Angela and Justin Orel are settling into their new house in suburban Kansas City, MO with their first child, Avett, and chocolate lab, Lucy.
They moved to a bigger house at the end of last year with hopes of expanding their family, and they got pregnant even sooner than they planned.
"I just went into like a normal OB appointment and found out, so it was kind of exciting," Angela said. "And I was so excited. I just called him by afterwards. And I was like, 'I have news.'"
"I just knew," Justin said.
Everything seemed normal for the first few months of pregnancy. And at 18 weeks, Angela's OB recommended doing a standard test for genetic problems and abnormalities.
"Anything over 35 is considered a geriatric pregnancy, which is a low blow, but that's what they call it. And so I'm 36," said Angela
That's when everything changed.
"We got the call from the OB saying, you know 'Your test is positive, but don't get too alarmed. There's a high false positivity rate with this test. So we'd like you to come back in and just do it again,'" said Angela.
The second test was also positive, and then two specialists confirmed their worst case scenario.
"And that was the spina bifida and basically the physical and mental disabilities. And also on top of that, the craniosynostosis," said Angela.
Their first child, Avett, also had craniosynostosis, meaning his skull fused together too early. But that's fixable with surgery.
The severe spina bifida diagnosis was a different story. It's a major birth defect of the spinal cord, and it often comes alongside hydrocephalus, which is a buildup of fluid around the brain.
"And there was already showing significant signs of that to the point it was actually causing the brain to fall down the spinal column, like into the throat," said Angela.
The damage already done to their fetus' spine was unrepairable.
"Maybe, potentially, they could have some use of their legs to basically being a quadriplegic and anything in between. And we don't know exactly where that was going to be," Justin said. "And that was probably the hardest part. And it was the same with the cognitive impairment, and could be something small that goes along with it. But there certainly would be some because they could already see that some damage had been done."
Initially, they prepared for a drastic change in their family’s life, and they didn't know that an abortion was an option.
"For sure one of us would probably have to quit their jobs and stay at home full time, which we probably wouldn't be able to afford this house. So then we'd have to sell it and not that any of that matters, but it's just like the domino effect," said Angela.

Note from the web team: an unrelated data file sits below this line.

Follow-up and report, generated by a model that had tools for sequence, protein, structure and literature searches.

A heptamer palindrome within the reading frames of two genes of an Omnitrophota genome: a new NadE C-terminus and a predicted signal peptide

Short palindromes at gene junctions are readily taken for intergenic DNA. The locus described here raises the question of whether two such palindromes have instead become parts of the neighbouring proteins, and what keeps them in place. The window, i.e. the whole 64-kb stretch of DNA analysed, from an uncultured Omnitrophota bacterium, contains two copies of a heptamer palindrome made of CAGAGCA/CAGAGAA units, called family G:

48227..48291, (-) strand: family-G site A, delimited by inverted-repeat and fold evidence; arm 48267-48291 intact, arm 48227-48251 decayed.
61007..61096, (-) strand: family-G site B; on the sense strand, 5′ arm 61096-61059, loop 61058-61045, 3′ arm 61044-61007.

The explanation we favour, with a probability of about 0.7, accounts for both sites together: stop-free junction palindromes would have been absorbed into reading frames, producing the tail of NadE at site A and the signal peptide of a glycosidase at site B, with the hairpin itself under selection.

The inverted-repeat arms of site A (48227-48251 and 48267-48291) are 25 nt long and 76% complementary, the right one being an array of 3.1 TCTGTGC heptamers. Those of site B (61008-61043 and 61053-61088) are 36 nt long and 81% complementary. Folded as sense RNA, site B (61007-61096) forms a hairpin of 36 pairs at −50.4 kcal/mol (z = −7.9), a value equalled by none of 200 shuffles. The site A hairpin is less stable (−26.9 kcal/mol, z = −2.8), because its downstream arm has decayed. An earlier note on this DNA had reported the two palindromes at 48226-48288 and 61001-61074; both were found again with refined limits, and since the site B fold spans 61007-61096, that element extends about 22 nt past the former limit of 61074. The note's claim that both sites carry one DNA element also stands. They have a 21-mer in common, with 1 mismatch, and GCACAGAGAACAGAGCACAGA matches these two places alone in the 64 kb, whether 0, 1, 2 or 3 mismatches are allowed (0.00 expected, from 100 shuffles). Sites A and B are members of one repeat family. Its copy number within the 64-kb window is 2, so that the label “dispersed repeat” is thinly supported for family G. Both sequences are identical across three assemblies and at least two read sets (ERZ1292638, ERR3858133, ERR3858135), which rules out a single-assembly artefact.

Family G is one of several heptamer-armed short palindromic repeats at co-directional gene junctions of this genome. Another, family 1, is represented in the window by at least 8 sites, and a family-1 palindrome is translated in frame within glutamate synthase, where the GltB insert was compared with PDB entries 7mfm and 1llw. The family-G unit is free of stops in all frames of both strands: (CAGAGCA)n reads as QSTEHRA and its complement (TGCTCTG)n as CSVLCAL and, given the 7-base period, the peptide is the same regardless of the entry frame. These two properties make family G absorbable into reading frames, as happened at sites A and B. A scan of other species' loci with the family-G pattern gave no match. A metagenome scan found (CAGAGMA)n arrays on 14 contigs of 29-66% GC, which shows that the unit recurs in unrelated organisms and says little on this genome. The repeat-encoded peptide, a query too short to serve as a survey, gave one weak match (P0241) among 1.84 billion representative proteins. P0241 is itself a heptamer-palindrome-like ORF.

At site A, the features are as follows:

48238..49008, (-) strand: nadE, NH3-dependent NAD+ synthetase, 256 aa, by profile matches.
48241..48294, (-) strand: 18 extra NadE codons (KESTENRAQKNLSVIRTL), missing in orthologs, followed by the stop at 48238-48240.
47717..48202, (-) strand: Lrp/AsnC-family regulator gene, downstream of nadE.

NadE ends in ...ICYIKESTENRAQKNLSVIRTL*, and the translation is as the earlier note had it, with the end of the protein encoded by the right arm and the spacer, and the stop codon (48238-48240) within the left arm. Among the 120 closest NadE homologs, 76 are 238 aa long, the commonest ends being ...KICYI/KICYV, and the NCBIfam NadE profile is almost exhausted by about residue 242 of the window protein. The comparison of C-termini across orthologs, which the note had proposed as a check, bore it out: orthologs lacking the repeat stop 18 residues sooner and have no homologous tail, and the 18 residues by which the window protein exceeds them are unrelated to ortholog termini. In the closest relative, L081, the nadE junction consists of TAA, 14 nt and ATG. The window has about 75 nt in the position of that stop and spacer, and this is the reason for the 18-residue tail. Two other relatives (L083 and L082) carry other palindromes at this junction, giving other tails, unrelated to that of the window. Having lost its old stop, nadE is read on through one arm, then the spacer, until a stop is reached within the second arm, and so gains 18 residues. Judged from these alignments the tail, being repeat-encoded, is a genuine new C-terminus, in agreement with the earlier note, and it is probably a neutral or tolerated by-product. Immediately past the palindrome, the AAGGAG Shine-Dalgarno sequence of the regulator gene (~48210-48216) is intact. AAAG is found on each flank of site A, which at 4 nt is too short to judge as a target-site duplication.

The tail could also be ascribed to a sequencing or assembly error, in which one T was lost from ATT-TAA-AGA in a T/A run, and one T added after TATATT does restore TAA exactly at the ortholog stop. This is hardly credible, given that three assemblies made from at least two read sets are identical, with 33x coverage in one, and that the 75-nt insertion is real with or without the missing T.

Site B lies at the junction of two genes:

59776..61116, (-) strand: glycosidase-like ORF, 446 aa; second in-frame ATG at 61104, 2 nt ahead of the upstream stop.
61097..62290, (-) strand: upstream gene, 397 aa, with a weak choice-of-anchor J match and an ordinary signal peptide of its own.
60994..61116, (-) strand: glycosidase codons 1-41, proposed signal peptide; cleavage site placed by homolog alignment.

Angela grew up alongside a second cousin with severe spina bifida, so she's seen how living with the disease can impact the whole family.
"She's in her mid 40s now and growing up with her and seeing the struggles of everyday life — it's heartbreaking," Angela added.
That firsthand knowledge, combined with concerns about the quality of life for Avett and their entire family weighed heavily on their ultimate decision to have an abortion.
"Almost, in a way, I felt like we were saving everyone from having to go through that, which I felt was even harder than to terminate when we did," said Angela
"There was no good choice," Justin said. "There wasn't like a right and wrong decision. There was just two [expletive] options."
At about 20 weeks pregnant, they knew they needed to move fast. But they couldn't get an appointment on Kansas or Missouri side of the state line before legal limits kicked in. So they drove across the state to Illinois, but the first clinic they visited was a no-go.
"That particular clinic did not have any anesthesiologist on staff. And so they could not sedate you," Angela said.
"There was no way to tell how much pain you'd experience physically, on top of the emotional trauma that would go with it," Justin added.
They drove four hours back home without getting the procedure done. They got a new appointment at a different location, and the next week drove back across the state again. The medical and travel costs were almost $6,000, and nothing was covered by health insurance.
"None of it was cheap," Justin said. "And I think we count ourselves very lucky that we were able to afford it and be flexible enough with work with both of our jobs, giving us the time off and having family to take care of [our son Avett] while we're gone for a few days."
They've never second guessed their choice to terminate.
"I think I'm finally kind of at the point where I'm feeling happier again," Angela said. "I know, we made the right decision for us. I do."
But they still think about the baby they'll never get a chance to meet.